From Georgia comes Jerry on the Moon, a six-piece jam band with many leanings, mostly funk and blues. The core of their style is extended solos and an energy that keeps their songs ever-changing. Members rotate vocal duties on Old Age Comes to Those Who Wait and each song has at least one moment where things unwind and everyone involved gets loose. This approach lends a live feel to the recordings and makes for a fun and addicting listening experience.
Opener “All the Same” serves as a good benchmark for what Jerry on the Moon do. More time is offered to the playing than the lyrics, with great ascending and bending guitar work at the forefront. There's a real sense of spontaneity and flexibility to it. “Fight No More,” a reggae tune hinged on a foreboding bass, ends with an extended jam that defies simple definition: a remorseful funeral procession along a snare-laden beat gains speed into what I can only describe as a moment of sci-fi warp speed, reaching deep down, echoing and booming as it races into a more traditional classic rock guitar solo, then sci-fi again, then solo, then sci-fi again, before the eventual muted collapse. “Wasting Time” undergoes similar though less dramatic metamorphoses, almost as though it's following a film's act structure.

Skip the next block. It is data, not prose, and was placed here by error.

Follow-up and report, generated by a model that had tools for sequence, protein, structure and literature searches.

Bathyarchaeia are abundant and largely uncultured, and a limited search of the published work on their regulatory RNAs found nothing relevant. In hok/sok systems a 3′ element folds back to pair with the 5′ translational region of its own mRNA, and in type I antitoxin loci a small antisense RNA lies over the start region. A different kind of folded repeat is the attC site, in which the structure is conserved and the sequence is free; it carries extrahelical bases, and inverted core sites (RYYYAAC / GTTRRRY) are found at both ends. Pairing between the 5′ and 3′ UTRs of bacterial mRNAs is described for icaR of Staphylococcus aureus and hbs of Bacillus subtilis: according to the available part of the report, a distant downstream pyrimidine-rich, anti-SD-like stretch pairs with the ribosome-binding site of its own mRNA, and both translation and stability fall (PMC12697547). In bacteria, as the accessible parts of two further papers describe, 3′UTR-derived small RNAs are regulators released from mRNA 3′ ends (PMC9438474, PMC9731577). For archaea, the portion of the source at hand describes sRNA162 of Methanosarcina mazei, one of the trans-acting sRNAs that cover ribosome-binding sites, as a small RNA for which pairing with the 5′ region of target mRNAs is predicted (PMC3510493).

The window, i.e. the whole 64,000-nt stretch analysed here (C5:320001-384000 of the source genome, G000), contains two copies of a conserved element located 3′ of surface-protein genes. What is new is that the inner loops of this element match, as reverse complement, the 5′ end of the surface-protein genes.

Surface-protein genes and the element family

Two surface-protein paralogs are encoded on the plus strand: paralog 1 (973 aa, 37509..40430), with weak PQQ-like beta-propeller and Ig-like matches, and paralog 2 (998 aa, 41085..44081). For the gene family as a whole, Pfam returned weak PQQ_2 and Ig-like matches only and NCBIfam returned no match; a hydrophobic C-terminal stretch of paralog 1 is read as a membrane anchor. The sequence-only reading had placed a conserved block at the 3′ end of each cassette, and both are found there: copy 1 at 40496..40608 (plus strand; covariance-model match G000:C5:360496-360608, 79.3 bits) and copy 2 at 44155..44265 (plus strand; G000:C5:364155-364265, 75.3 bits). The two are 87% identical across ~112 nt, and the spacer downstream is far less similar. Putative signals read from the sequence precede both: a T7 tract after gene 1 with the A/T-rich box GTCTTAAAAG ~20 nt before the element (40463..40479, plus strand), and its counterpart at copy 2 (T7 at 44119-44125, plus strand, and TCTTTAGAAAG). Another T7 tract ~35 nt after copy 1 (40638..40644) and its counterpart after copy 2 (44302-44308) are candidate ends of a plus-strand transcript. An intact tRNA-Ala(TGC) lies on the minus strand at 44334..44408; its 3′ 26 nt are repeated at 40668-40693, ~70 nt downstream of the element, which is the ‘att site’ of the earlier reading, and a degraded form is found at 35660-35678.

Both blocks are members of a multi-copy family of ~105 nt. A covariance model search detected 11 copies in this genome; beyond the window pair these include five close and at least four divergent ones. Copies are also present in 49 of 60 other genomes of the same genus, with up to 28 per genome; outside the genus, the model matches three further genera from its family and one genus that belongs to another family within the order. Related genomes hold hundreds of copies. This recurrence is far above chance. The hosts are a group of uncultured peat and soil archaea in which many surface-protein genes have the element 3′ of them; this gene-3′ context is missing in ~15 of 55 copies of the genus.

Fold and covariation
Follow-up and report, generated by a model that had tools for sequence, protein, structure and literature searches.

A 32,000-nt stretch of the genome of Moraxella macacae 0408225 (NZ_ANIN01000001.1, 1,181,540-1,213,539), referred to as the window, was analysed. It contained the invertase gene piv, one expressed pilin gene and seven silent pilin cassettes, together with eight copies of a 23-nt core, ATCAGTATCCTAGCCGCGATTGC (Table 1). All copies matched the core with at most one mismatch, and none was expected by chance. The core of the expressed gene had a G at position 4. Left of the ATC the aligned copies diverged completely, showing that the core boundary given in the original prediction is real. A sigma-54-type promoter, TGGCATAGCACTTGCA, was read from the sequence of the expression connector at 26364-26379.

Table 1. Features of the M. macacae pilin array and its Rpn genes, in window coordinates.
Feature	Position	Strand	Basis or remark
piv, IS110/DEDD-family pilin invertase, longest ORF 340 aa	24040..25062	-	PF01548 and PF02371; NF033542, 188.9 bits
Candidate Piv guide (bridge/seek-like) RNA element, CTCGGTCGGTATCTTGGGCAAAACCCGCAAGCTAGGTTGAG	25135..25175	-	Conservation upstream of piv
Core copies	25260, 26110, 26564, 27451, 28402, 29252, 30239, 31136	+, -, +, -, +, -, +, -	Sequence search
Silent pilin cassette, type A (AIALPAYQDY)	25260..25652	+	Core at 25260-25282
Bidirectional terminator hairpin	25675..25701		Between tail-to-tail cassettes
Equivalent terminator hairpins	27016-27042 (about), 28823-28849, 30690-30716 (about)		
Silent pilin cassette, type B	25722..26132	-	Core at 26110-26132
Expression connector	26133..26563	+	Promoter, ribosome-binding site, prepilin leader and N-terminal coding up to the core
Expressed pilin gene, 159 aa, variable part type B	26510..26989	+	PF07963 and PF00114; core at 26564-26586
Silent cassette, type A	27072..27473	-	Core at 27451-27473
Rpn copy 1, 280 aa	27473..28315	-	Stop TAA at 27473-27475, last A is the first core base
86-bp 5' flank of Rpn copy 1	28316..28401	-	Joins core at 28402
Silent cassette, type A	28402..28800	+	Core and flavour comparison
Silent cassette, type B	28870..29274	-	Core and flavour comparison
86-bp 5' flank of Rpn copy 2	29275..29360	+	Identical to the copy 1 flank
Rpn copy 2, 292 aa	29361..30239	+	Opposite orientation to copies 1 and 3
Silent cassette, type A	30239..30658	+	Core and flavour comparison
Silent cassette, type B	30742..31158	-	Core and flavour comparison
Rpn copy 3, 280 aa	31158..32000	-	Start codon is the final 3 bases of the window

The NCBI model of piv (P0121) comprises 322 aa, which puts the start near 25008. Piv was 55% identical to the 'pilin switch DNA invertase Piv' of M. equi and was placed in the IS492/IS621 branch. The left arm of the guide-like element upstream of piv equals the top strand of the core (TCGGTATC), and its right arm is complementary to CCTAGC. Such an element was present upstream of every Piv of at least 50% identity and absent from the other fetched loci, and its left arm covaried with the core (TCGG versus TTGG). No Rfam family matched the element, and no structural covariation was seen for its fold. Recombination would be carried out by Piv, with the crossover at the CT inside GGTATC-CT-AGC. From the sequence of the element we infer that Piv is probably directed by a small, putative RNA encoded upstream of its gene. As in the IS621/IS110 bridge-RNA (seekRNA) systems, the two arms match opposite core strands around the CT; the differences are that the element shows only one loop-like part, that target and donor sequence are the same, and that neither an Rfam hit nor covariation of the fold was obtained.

The band explains that their lyrics somehow relate to their personal journals. The resulting mix of stories is a bit eclectic, though it blends together rather nicely given what musical elements they have in common. “Hay Mama,” a blues number with a thick groove and snippets of flare from the band's horn section, is a somewhat unusual but encouraging look at a hard-working woman's life, repeating the line “stay at home and lay down by your baby's side.”
On the more abstract side of the scale is “Tomorrow,” the slow turning Eastern psychedelic closer. Equal parts accepting defeat and expectation of something greater to come, the song creates an uneasy and at times joyfully disorienting feeling. Thematically it fits in nicely with the previously mentioned “Fight No More” and its promise that “there will be no rest until there is no war” and “I said I got no problems with you my friend/we'll leave the fighting to the others and the government.” The diversity of what they want their songs to say is impressive to say the least.
It's rare that a group can recreate the live experience in studio, but Old Age Comes to Those Who Wait manages just that and refuses to stay still. The range and complexity Jerry on the Moon put on display here is something I hope more acts would strive for.
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